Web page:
|That day's neighbour|
My pen hovers over the paper. I feel anxiety fill my chest. How do I answer that? The choices are always limited. Limited to a lifestyle I gave up long ago.
I hate filling out forms. Whenever I’m faced with bureaucracy, I simply cannot squeeze into a box. Repeated attempts at twisting and molding myself into a tiny definition of who I am and how I live, cause me to break out in a cold sweat. There are the obvious boxes. The ones that expect you to have utilities bills and a tenancy agreement. We make our own electricity and water, and we live on a boat that was paid for a long time ago. Though, we do drop a few dollars a month for a mooring, simply for the convenience of rowing to shore in less than 5 minutes, our needs are simple and few.
To tell you the truth, when officialdom knocks at my door, I want to go hide under the bed. But I don’t have a bed.
Then there are the boxes that want you to define yourself with a career. That one is a little easier for Rick. I, on the other hand, have worn many hats over the years. I don’t really have any clear answers when I’m asked about my future career aspirations. I work when I need to, and I certainly do not define myself by what I do. At 42, that gets me strange looks. You don’t want to be something? Don’t you have ambitions? You just want to live on a boat, draw pictures and write stories? That’s apparently cuter when you are twenty then when you are a mature adult. That’s not reality. Well, I have news, it’s my reality. Even if by necessity I have to go to work in the morning, my priorities are not about climbing the “ladder of success”.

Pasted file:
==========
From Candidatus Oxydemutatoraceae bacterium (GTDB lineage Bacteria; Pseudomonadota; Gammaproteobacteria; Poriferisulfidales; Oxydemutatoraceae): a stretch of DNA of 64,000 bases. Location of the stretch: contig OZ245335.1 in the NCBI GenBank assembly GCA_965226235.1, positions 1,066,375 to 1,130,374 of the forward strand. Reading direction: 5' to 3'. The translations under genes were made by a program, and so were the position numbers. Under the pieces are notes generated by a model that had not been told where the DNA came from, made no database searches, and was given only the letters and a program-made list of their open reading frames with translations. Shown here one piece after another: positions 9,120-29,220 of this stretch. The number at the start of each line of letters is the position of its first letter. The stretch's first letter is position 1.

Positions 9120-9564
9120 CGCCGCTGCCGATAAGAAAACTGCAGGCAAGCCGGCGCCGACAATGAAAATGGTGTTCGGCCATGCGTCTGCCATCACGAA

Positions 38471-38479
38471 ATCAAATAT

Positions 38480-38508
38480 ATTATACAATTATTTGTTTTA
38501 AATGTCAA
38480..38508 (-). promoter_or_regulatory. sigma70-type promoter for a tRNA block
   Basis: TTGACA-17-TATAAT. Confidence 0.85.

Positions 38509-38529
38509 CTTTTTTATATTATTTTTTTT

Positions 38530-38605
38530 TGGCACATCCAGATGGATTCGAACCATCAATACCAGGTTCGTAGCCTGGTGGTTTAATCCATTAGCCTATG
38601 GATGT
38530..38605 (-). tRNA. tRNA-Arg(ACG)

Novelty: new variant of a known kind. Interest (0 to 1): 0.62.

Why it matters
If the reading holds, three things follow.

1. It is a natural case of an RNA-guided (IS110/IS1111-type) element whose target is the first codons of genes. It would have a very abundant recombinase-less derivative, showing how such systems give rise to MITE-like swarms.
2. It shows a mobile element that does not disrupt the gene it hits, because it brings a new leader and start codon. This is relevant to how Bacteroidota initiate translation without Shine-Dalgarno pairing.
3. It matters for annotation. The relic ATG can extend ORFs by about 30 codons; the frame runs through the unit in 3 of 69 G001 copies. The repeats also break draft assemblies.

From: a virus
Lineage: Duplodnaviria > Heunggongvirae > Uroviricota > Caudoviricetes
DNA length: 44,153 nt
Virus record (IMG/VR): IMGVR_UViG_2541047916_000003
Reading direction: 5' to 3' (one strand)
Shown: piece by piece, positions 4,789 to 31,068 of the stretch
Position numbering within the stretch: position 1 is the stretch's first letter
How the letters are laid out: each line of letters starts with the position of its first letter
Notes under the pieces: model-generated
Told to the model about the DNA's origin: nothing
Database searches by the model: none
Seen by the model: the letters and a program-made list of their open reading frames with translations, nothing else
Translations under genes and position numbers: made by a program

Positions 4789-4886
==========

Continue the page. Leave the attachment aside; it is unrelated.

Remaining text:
|Photo of Nyon courtesy of|
s/v Calico Jack
For the sake of consistency and order, humans tend to want rules and parameters to function. But for those of us that have left the path of normalcy, these parameters are often like putting on ill-fitting clothes. We feel uncomfortable and we look a little strange.
Rick and I have dropped the hook in one community for the past year, and I’m finding it hard to make a place for myself. After letting the winds and seasons direct my path for nearly 3 years, I am now living with one foot on my boat and one foot on land again. I have the heart of a gypsy, but I’m in a world where defining myself is like trying to tick a box on a form. I hover around the perimeter and resist putting pen to paper.
The friends I have made tend to be hoverers like me. Unfortunately, hoverers don’t stick around and when they do, they can be difficult to find. I feel most at home when we’re anchored next to one of the 144 islands in the Bay. I love our barefoot tramps on our favourite islands and collecting green lipped mussels. Yet I have no idea how to find a space for myself as soon as I near civilization.
|At home on the water|
I remember reading about other long time travelers’ struggles with adapting to a more static lifestyle, even if temporarily. I didn’t understand. I hadn’t been free yet, so free that floating in the middle of an enormous ocean had become my “normal”. When you have experienced that, the world will always seem a little off kilter when you reach shore.
I am grateful for what I have lived out there, and for what I have yet to experience. Yes, I am also grateful for this chapter. I know it seems like I am contradicting myself, but the life of a sea-gypsy has taught me to work through the discomforts and fears I face. I just haven't found something that fits yet. And I still want to write a story when I am expected to simply tick a box. I realize now, that it's okay. And I'm okay.
|An island we love|